Opinion

Opinion

Editorial: Senate's plan - Cutting care for needy, giving tax cuts to greedy

Posted July 11

A CBC Editorial: Tuesday, July 11, 2017; Editorial # 8184
The following is the opinion of Capitol Broadcasting Company

How can a responsible senator vote for legislation knowing it will take health care from those who now have it, need it and wouldn’t have it otherwise? The answer seems obvious: Party-line politics.

Like many in the nation’s capital, North Carolina’s two senators seem more concerned with what it will take to get 51 votes to pass a new health care plan than what it takes to make sure all Americans can afford health care.

Sen. Richard Burr had hardly let the ink dry on the Senate’s tax-cut disguised as a health-care package before he announced support for it. North Carolina’s other Republican in the Senate, Thom Tillis, says he’ll back anything that will get 51 votes.

Tillis led the N.C. House of Representatives when the legislature, in mean and blindly partisan anti-Obama stubbornness, refused to take billions in federal funds to expand Medicaid to half-a million North Carolinians without access to health coverage.

The proposal now before the U.S. Senate would take coverage away from as many as 22 million Americans, including 1.3 million North Carolinians, who now have health care through the Affordable Care Act. That doesn’t include the half-million in North Carolina who never gained access to care because of the state legislature’s mean-spirited obstinance.

President Donald Trump has repeatedly promised that no one would lose health coverage. Yet, Trump gathered House members at the White House for a photo-op to praise their terrible bill that would rip health coverage away from 24 million Americans. Only days later the president called it “mean” legislation and promised the Senate’s version would be better.

Of course, the Senate’s isn’t an improvement.

For eight years Congress has railed and postured against Obamacare – casting vote upon meaningless vote to repeal it. Hardly a peep was made about adjusting and improving the law to solve its problems.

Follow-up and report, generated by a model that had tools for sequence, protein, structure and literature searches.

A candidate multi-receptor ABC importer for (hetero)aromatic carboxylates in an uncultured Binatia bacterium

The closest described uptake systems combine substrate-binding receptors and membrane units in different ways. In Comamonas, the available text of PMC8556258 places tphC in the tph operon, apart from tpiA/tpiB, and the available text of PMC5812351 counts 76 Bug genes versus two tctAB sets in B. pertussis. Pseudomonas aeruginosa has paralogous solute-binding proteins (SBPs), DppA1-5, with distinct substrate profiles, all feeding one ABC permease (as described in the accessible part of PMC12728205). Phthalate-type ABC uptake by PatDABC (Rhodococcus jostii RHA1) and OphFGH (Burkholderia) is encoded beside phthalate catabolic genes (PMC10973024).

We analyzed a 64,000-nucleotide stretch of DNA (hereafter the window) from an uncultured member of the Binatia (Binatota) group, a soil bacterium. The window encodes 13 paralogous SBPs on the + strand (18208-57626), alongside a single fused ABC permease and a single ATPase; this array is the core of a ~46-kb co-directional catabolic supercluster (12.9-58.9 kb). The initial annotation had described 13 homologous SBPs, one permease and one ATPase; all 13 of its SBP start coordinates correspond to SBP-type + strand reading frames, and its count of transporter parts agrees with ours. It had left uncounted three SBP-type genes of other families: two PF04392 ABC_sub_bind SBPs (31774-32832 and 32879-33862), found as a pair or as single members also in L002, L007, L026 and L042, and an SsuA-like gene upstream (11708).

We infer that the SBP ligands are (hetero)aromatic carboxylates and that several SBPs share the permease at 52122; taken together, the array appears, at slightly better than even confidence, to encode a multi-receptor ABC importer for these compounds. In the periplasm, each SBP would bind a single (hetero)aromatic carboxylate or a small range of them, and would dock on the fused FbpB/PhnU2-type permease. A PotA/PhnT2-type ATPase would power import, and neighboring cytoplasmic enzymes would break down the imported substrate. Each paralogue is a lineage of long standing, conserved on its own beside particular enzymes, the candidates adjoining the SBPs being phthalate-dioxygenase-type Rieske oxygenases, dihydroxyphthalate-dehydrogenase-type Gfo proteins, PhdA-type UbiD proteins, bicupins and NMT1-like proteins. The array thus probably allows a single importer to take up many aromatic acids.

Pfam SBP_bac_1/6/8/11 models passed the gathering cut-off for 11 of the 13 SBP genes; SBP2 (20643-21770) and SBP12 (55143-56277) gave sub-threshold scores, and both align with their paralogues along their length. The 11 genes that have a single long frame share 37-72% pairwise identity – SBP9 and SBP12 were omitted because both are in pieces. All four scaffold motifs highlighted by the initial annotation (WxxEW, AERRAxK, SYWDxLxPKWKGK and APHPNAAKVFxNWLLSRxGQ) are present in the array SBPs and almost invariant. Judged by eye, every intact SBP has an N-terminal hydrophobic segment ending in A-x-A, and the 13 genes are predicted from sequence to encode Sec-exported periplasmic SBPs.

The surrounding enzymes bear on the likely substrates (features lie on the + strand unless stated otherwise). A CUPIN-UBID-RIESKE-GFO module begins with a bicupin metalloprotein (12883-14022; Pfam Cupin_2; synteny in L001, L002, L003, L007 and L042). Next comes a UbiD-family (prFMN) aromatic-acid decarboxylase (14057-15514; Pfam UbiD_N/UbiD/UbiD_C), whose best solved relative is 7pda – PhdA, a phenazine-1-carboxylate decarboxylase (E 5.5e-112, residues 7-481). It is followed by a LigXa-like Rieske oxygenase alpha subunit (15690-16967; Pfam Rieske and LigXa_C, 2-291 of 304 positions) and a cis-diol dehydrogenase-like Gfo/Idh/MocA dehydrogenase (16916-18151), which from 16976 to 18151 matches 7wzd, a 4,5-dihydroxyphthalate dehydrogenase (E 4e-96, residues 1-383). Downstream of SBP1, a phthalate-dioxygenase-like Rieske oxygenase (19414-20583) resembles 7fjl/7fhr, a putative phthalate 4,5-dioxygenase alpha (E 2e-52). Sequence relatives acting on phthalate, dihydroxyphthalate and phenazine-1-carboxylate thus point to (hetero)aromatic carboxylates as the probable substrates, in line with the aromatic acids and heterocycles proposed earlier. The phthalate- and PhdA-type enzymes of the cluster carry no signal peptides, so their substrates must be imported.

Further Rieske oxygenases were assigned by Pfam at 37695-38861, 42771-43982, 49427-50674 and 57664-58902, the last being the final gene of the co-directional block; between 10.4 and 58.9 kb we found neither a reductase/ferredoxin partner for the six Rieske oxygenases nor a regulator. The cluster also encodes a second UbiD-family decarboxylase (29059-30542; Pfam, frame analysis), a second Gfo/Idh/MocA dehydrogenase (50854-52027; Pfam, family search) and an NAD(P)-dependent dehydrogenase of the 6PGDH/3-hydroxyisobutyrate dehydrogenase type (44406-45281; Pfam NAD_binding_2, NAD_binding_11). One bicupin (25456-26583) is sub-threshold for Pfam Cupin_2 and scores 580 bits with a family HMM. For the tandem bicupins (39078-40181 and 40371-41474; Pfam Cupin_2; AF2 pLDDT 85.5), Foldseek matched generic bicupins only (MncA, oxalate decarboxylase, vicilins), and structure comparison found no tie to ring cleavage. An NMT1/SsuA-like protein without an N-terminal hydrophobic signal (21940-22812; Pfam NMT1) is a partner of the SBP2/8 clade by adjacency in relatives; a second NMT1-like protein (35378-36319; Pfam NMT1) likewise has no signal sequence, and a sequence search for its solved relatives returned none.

Turns out all the political ranting was more about getting the partisan base worked up -- than it was about a plan to deliver health care to the nation. It was all show and no action.

Backing a health care plan that offers tax cuts for the wealthy while taking health care away from those in need is a betrayal by our representatives in Washington. Burr, Tillis and the nine House Republicans from North Carolina who back these awful plans are betraying those who elected them. Even a majority of those in the state who voted for Trump say they are very concerned that the Senate plan will increase health care costs.

Gov. Roy Cooper, soon after taking office, initiated efforts to take the federal funding and expand Medicaid to those who’d been left out. That effort, due to legal challenges from legislative leaders, remains tied up in the courts – imagine that.

Cooper, and those who do support expanding access to health care to more Americans, need to call out our members of congress and legislators. If they don’t believe access to health care is a right for all Americans, they should say it and not hide behind slogan like “repeal and replace” – particularly when it’s clear that there’s been no real thought given to any replacement.

While the president seems desperate to have ANY health care bill passed, it should be a good bill that IMPROVES on what people have today. Anything that reduces services or trims the number of people who receive support should be defeated.

Republicans now find that Obamacare wasn’t just a punching bag, but a sparring partner that’s become tough to knock down.

* * *

BY THE NUMBERS: COSTS OF DENYING HEALTH INSURANCE IN N.C.

2014-16 Jan. - June 2017 TOTAL
Diabetics without medication* 81,132 13,524 94,566
Annual mammograms missed* 36,153 6,024 42,178
Deaths* 3,435 to 1,355 870 to 228 4,290 to 1,583
Federal Funding Lost** $9 billion $727.2 million $9.7272 billion
Jobs Not Created** 34,700 7,038 41,738